Unums.jl

Unum (Universal Number) types and operations
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41 Stars
Updated Last
2 Years Ago
Started In
July 2015

Unums Experimental! Use at your own risk!

This is the basic representation of an unum (universal number) as described in detail in John L Gustafson's book 'The End of Error: Unum Computing':

| signbit | exponent | fraction | ubit | exponent size - 1 | fraction size - 1 |

The first 3 fields are similar to floating point representation, but allowing the exponent and fraction to have flexible sizes.

The ubit (uncertainty bit) signifies whether the number is an exact or uncertain:

0 --> Exact
1 --> Number u falls in the OPEN interval (u, u +/- ULP), where ULP is the distance to the next representable number, and the sign depends on the signbit.

Unums can be expanded to fit into fixed widths, and can be supplemented with summary info, such as bit flags indicating NaN, Inf, negativity, etc which can help speed many operations. I'll probably attempt a FixedUnum type that fills 32/64/128 bits.

Current implementation

NOTE: this implementation is changing daily... the code is a better reference...

Core types:

abstract AbstractUnum{B,ESS,FSS} <: Real

bitstype 64 FixedUnum64{B,ESS,FSS} <: AbstractUnum{B,ESS,FSS}
typealias BinaryUnum64{ESS,FSS}   FixedUnum64{2,ESS,FSS}
typealias DecimalUnum64{ESS,FSS}  FixedUnum64{10,ESS,FSS}
typealias Unum64                  BinaryUnum64{4,5}

Eventually I plan on generating similar type groups for standard sizes 16/32/64/128 bits

A FixedUnum64 is always 64 bits, but the internal meaning of the bits may change depending on the esize/fsize fields.

Parameters:

• B: the base of the exponent (base-2 is similar to floats, base-10 is similar to decimal floats)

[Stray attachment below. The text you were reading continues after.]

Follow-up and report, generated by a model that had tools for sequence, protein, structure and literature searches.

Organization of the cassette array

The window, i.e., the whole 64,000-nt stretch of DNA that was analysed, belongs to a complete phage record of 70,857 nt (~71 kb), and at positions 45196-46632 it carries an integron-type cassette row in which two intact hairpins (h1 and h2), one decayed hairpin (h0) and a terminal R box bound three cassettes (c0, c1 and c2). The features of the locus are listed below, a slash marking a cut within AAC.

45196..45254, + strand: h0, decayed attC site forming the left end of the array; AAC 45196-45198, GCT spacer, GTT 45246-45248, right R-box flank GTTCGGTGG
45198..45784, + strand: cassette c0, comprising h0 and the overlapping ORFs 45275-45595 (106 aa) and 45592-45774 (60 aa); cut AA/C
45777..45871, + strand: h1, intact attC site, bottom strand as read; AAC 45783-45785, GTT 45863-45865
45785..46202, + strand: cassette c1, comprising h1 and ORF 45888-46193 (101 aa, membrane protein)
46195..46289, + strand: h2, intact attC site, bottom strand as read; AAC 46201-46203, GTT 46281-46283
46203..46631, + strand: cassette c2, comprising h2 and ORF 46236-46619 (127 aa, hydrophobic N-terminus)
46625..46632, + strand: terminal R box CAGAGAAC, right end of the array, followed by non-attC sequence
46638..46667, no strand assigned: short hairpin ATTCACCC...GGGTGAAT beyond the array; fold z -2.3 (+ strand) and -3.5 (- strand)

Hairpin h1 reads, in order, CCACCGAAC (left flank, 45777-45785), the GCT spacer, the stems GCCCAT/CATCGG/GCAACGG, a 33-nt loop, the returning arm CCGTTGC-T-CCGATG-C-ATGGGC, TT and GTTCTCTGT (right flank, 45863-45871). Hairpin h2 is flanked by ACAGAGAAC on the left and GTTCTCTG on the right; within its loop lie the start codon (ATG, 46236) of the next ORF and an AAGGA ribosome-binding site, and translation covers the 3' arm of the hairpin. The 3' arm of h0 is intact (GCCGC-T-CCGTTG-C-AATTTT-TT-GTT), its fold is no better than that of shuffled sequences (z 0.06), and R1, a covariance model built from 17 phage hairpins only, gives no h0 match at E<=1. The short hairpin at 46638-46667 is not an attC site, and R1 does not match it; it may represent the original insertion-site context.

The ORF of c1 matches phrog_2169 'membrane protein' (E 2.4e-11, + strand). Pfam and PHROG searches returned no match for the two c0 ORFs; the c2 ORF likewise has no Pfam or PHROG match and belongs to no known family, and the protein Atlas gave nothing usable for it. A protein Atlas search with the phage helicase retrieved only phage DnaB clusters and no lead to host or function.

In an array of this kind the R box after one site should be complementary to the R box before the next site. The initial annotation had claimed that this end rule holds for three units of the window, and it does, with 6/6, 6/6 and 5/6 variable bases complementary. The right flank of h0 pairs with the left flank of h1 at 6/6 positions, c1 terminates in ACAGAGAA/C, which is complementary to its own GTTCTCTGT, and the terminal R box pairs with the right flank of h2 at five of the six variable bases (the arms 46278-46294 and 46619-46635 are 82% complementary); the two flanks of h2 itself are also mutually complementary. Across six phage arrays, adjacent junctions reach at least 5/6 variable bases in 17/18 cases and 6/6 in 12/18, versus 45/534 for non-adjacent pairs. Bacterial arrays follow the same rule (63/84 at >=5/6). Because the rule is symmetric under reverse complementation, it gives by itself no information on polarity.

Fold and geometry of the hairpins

• ESS: the size of the "exponent size" field
• FSS: the size of the "fraction size" field

The format is as follows:

| signbit | unused space | exponent | fraction | ubit | esize - 1 | fsize - 1 |

There are 3 goals with this design:

• Use current hardware optimizations where possible. Fill out standard bit sizes (16/32/64/128) and make use of optimized UInt operations as much as possible.
• Allow for extreme flexibility. Some problems need a big exponent, others a big fraction, some both.
• Underlying methods should be minimal and fast. If there's something we can hardcode, we should. Staged functions are perfect for this.

Defs:

signbit         = boolean value, 0 for positive, 1 for negative
exponent        = same as in floats
fraction        = same as in floats
ubit            = boolean value, 0 for exact, 1 for inexact
esize           = size of the exponent field
fsize           = size of the fraction field
esizesize       = total size of the "exponent size" field... allows up to (2^ESS + 1) bits in the exponent
fsizesize       = total size of the "fraction size" field... allows up to (2^FSS + 1) bits in the fraction

Calling show will give you a structured bits layout:

julia> c.posinf
bits: 0000001111111111111111111111111111111111111111111111110111111111
|    0    | 1111111111111111 | 11111111111111111111111111111111 |  0   |  1111   |  11111  |
| signbit |       exp        |               frac               | ubit | esize-1 | fsize-1 |

julia> c.mostneg
bits: 1000001111111111111111111111111111111111111111111111100111111111
|    1    | 1111111111111111 | 11111111111111111111111111111110 |  0   |  1111   |  11111  |
| signbit |       exp        |               frac               | ubit | esize-1 | fsize-1 |

Many functions will be staged using the @generated macro and cached constants specific to a given set of Unum parameters:

julia> c = Unums.unumConstants(Unums.Unum64)
UnumInfo{Unums.FixedUnum64{2,4,5}}:
base      2
nbits     64
esize     16
fsize     32
esizesize      4
fsizesize      5
utagsize     10
signbitpos     64
epos     58
fpos     42
ubitpos     10
esizepos      9
fsizepos      5